Get to Know the Four Segments of Your Spine
To understand why you’re experiencing back or neck pain, it’s essential to know the anatomy of your spine. Each of the four major parts of the spine play a role in providing stability, balance, and shock absorption. They also play a major part in your central nervous system and protect vital organs by allowing nerves to send signals unimpeded.
The expert team at Symmetry Health Center in Alameda, Oakland, and Berkeley, CA understands how to treat and resolve spinal health problems. We provide invaluable assistance to our patients to help them live healthier lives, along with important spinal information to help you better comprehend just how important the spine is to your every facet of life.
Let’s take a look at all of the major sections of the spine, why they’re important, and what they’re responsible for.
Cervical spine (neck)
This upper section of the spine performs several major functions:
- Protecting the brain stem;
- Protecting the spinal cord;
- Allowing for movement of the head.
This includes vertebrae C1 to C7. Two of the vertebrae in the cervical spine – the Atlas and the Axis – enable the head to move from side to side. Issues with the cervical spine can result in neck pain and pain that extends down the arms to the fingers.
Thoracic spine (upper and mid back)
This includes vertebrae T1 to T12. The thoracic spine is connected to the rib cage and the sternum, thereby protecting many vital organs. This area of the back is less prone to problems with motion because of the stability the rib cage and sternum provide.
Lumbar spine (lower back)
The five vertebrae in this section play a big role by supporting most of your body weight. Unfortunately, because the lumbar spine has a wide range of motion, it’s also prone to a variety of problems. This can include pain that extends all the way from your hips to your feet. Generally, when people experience classic low back pain, this is where they’re referring to.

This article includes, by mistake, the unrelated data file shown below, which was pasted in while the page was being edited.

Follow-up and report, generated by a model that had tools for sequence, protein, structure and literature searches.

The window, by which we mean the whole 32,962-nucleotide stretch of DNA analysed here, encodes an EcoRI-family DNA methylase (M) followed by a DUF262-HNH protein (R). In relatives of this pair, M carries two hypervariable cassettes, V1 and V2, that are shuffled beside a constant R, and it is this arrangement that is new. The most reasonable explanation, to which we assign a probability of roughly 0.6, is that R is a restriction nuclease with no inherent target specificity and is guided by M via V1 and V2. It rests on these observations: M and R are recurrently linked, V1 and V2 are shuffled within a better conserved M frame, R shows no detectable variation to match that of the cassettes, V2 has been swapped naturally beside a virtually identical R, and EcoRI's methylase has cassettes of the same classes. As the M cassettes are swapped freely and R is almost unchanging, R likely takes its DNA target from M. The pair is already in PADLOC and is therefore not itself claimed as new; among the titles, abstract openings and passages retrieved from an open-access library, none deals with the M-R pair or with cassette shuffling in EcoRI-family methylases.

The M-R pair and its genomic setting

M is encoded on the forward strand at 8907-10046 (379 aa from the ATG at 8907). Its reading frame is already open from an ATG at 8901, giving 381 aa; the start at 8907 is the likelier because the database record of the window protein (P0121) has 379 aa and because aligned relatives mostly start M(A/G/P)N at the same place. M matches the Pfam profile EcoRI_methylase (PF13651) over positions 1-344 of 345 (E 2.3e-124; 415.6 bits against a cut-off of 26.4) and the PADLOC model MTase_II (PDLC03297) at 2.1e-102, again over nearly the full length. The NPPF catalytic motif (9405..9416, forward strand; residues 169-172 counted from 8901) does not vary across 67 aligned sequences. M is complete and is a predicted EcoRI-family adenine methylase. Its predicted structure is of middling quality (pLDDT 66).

Sacral region (end of the spine)
This section includes five segments that make up the triangular shape at the end of your spine. The sacral region also connects the spine to the pelvis. The area where the lumbar and sacral sections meet is often a source of problems for those with intermittent back pain and other seemingly sporadic conditions. The four small bones at the end of the sacral are referred to as the coccyx, or the tailbone.
The spine is a delicate but important instrument in maintaining general health. Many factors can cause spinal issues, from a sedentary lifestyle to a car accident. These factors lead to a variety of conditions, the most common being back and neck pain, but also fibromyalgia, sciatic pain, plantar fasciitis, and other conditions. In assessing and treating these conditions, it’s important to know the different parts of the spine first and foremost.
If you want to learn more about the crucial role the spine plays in your overall health, contact the experts at Symmetry Health Center in Oakland, Berkeley, and Alameda, CA. We use Chiropractic BioPhysics (CBP), a scientific program designed to create treatment plans that fit every patient’s needs. Using CBP, we can pinpoint the areas of your spine that need adjustment, and can work to set them right to help you find new levels of wellness. Contact us today for a free consultation.
Chiropractic BioPhysics, or CBP, is one of the most scientific, researched, and results-oriented corrective care techniques. CBP-trained chiropractors aim to realign the spine back to health, eliminating nerve interference and addressing the source of pain, fatigue, and disease. As with all chiropractic care, CBP is gentle, painless, and non-invasive.